Anyway, time for examples:
Ooh... Pretty.
Minolta XD-11, 50mm MD Rokkor-X f1.4, on Fuji Superia 400.

A shallow DoF can be used to isolate the subject from the background for whatever reason — distracting, ugly, etc. In this case, with a large aperture and close focal distance, the trees/yard/road are blurred into oblivion to create a dream-like state.

Yashica Electro 35 GSN, Fuji Superia 200

Controlling DoF can be incredibly useful in portraiture. Here, background blur is present, but not overwhelming. Had the background been sharper, it could become distracting; more blurry, then less interesting.

Minolta XD-11, 28mm MC W.Rokkor-X f2.5, on Kodak Tmax 100.

This is one of my favorites, and it’s a good demonstration that background blur (shallow DoF) is absolutely not necessary for a great photo. There is no “right way” to use DoF — it, like everything else in photography, is merely a tool. No more, no less.

(Not all cameras have access to aperture controls. Some point and shoot digital cameras allow it, but camera/lens design often limits the flexibility of such cameras. Consult camera documentation to see about access to either a manual or aperture priority mode).

Rule of Thirds

Posted in Tutorials with tags , , on September 11, 2008 by thtroyer

Alright.  I figured I’d start out simple.  The “Rule of Thirds” is a universally known rule throughout photography and other visual arts.  It is one of the most basic methods available to compose a shot, and it’s simplicity and effectiveness make it is an excellent place to start.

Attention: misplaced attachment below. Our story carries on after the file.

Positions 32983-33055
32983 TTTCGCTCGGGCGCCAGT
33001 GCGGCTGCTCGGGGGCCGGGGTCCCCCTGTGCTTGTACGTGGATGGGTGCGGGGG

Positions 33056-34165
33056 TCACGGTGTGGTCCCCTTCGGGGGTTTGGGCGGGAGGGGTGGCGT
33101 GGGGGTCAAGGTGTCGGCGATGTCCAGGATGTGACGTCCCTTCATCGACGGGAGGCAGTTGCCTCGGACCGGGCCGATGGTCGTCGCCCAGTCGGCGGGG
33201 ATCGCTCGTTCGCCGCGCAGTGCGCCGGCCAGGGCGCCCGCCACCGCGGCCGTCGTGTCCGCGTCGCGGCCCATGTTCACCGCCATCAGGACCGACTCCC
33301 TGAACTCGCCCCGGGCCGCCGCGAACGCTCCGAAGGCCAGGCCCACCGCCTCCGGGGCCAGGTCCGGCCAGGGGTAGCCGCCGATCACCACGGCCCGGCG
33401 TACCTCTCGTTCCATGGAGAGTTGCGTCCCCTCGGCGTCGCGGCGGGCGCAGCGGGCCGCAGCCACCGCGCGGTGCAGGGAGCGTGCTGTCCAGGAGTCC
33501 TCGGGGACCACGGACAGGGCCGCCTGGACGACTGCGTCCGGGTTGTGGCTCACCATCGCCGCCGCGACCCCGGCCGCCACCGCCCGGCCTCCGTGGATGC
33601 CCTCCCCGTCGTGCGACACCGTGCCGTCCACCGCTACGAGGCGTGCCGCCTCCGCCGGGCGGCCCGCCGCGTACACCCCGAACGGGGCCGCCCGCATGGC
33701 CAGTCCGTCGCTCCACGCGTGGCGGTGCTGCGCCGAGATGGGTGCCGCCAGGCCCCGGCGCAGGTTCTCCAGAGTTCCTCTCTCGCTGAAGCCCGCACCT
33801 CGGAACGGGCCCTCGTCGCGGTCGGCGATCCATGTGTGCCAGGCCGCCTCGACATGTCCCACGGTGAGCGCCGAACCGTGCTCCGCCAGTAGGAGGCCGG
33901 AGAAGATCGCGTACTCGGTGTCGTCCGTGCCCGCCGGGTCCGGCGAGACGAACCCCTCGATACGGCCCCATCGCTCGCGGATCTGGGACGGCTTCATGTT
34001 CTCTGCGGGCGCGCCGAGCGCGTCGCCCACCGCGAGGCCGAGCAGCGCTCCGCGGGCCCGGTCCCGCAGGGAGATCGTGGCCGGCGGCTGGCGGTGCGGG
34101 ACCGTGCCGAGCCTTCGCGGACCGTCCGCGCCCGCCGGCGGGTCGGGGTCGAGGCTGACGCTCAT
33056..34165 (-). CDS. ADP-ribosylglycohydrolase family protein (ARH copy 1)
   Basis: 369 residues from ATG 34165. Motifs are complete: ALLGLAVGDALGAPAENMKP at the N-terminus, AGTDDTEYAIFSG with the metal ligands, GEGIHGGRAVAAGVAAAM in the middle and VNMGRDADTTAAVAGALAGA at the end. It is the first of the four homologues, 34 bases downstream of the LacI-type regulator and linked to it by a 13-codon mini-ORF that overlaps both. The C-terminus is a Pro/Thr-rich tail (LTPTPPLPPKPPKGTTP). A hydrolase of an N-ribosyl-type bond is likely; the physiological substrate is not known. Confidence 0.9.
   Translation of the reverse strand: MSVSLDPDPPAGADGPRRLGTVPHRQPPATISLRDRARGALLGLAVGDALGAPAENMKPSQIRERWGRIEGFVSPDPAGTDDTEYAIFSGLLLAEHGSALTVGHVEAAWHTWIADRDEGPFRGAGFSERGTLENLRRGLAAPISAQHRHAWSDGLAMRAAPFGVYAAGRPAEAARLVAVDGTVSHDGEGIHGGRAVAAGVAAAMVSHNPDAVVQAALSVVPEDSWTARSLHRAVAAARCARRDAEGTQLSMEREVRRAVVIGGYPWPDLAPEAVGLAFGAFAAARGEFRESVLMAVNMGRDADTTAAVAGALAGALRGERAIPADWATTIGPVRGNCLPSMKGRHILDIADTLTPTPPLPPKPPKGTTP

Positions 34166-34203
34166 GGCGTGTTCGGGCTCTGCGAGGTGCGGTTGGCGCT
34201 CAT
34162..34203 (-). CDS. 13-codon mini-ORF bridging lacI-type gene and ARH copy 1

One of the common pitfalls I see among new photographer (and I was no exception) is a centered subject.  This is one of the few things you want to avoid.  It’s not that all photos with centered subjects are bad, but usually, they could be better.  Centered subjects usually create an awkward or unbalanced feel.  This is where the rule of thirds comes into play.

The concept is that there are stronger places to put the subject (or subjects) than in the middle.  In this case, 4 lines, and specifically, 4 intersections.  It gives you a way to break down the composition and place defining items at these stronger points.  These lines are at 1/3 intervals into the photos, as such.

The lines are common points to place things such as the horizon, buildings, or any other definitive horizontal/vertical lines.  The intersections are excellent places to put the subject, parts of the subject, or otherwise interesting things.  Using this method, it’s perfectly fine to not use all lines/intersections.

Taken with Kodak disposable

Finally, like any rule, this one is meant to be broken — it certainly isn’t the only way to compose a photo, but it’s good to understand what is aesthetically pleasing and why, and the rule of thirds is a great introduction into composition and a guideline that you’ll use for a long time.